I have always said having a 100 ideas is easy but caring about one is the hard bit. Coming up with ideas is a messy business. It is not a straight line and often doesn’t make sense. Until it does. To do it you need people. Strange people that care too much. Weirdos that believe when others don’t. Madmen that listen to funny conversations on a bus and remember naughty words written on a wall. Maybe that was what 2020 was all about. The human factor. Reminding us that there is no substitute for us all being there. Together. In the same place.

So, viva the creative department. Or, whatever you want to call it.

Because when we listen to each other, impossible things happen.

That’s what the rock said anyway.

Happy New Year.

Creativity. Let’s remember there are never just two choices.

“Others have seen what is and asked why. I have seen what could be and asked why not.”

Pablo Picasso

I am writing this on a day where most people have now accepted Joe Biden is the next President of the United States. For the last 4 days we have been in a weird binary hell. It is either Trump or Biden. For days, the airbrushed News Channel anchors who seem to never sleep and must be on a cocktail of Red Bull and cocaine have said the same thing over and over. It’s either him or him. There are only two choices.

Stay with me here. Now, I may have been hypnotised by the endless news cycle but it got me thinking about how often I hear or am told something has to be this way or that way. You can only go left or right. It can only be like this or like that. It made me think of entrenched positions and what creativity can do to find options and other answers. How do you break out of only two choices?

While I was thinking about this I stumbled on the photograph above.

It is a photograph of a Soviet War memorial in the middle of Bulgaria. I am sure you can imagine how much Bulgarians love Russian War memorials in their country. It reminded me of a lot of the arguments this year about statues in a very divided United States. Binary. This statue is historically important, it has to stay. It is deeply offensive, it has to go. Those are the only two options that exist. End of story.

Or, perhaps, there is another way.

Bulgarians certainly found it. Instead of getting rid of the statue or keeping the statue, they changed the statue. They made it their own by painting super heroes and western icons over the existing Russian ones. They used creativity and a little audacity to take away its power and change its meaning. They gave it a new life. They took away its history and gave it a future.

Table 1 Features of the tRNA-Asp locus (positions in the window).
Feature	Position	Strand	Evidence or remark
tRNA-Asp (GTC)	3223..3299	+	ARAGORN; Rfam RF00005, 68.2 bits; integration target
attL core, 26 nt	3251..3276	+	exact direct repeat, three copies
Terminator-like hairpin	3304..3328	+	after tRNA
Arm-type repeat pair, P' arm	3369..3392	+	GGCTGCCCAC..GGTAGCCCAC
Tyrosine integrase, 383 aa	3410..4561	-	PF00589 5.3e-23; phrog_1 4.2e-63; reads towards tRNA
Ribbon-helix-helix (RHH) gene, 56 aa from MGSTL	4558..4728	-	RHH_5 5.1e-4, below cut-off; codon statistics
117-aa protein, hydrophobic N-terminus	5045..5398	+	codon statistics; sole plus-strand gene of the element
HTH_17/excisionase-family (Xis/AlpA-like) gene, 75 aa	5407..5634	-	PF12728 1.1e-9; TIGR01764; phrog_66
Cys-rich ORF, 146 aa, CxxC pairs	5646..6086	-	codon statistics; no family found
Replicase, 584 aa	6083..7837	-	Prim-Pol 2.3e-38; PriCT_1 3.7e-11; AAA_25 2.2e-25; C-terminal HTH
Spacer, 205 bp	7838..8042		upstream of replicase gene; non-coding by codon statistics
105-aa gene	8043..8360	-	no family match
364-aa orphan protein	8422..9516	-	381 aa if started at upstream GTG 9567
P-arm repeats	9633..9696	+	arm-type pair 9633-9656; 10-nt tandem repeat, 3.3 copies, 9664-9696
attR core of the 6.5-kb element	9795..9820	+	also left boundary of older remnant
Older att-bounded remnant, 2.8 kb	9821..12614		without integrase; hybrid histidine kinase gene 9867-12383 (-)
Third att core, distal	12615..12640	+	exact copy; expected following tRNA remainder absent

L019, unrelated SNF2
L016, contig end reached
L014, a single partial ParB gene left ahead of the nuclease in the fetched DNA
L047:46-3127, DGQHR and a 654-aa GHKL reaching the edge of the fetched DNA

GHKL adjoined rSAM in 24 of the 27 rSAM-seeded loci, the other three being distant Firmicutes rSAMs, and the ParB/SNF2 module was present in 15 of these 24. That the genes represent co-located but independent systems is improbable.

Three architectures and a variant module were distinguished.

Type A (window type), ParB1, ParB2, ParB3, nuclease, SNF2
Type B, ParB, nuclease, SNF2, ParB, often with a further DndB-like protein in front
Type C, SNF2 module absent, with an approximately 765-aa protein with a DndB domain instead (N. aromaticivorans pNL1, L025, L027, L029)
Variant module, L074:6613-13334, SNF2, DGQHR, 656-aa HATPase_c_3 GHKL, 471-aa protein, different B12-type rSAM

Whenever you think there are only two options, creativity has the power to give you another. I think if we really understood its power we would use creativity far more than we do for problem solving.

Take travel. Many people miss it desperately. But, we can’t go anywhere. Well, creativity comes along and says, who said you had to go anywhere to travel?

Right now, in Australia, Qantas has something called ‘flight to nowhere’. You can book a ticket for $2765. Go to the airport. Get on a plane. Fly for 7 hours. Have some airline food, watch a film on a tiny screen and then land at the same airport you left. By the way, those tickets sold out in 10 minutes. This proves two things. Firstly, I think we can agree people are very weird and definitely rely on emotion rather than logic to make decisions. Secondly, creativity can solve problems that nothing else can.

The reason is simple. Creativity disregards boundaries. It doesn’t care about how things are supposed to be. It creates a new reality. A reality that didn’t exist a couple of seconds ago.

Creativity changes the rules.

When you change the rules, you can change anything.

And everything.

Advertising. Why do bad ads happen?

“We are our choices.”

Jean-Paul Satre

It was a question I should have been able to answer. I have been in the business a while and I have made a few ads. But maybe the simplicity or the clarity of the question blindsided me and left me saying nothing. A friend who wasn’t in the industry had asked the question. It is a very good question and I have been thinking about the answer for about two weeks. I have boiled it down to three answers. Fear, language and human beings. Unfortunately, they are also the ingredients for great advertising. Tricky. And yes, I am sure there are many other valid answers like there is no bloody idea or insight. And the creative was boring or shit. However, I feel these three ingredients are the biggest culprits.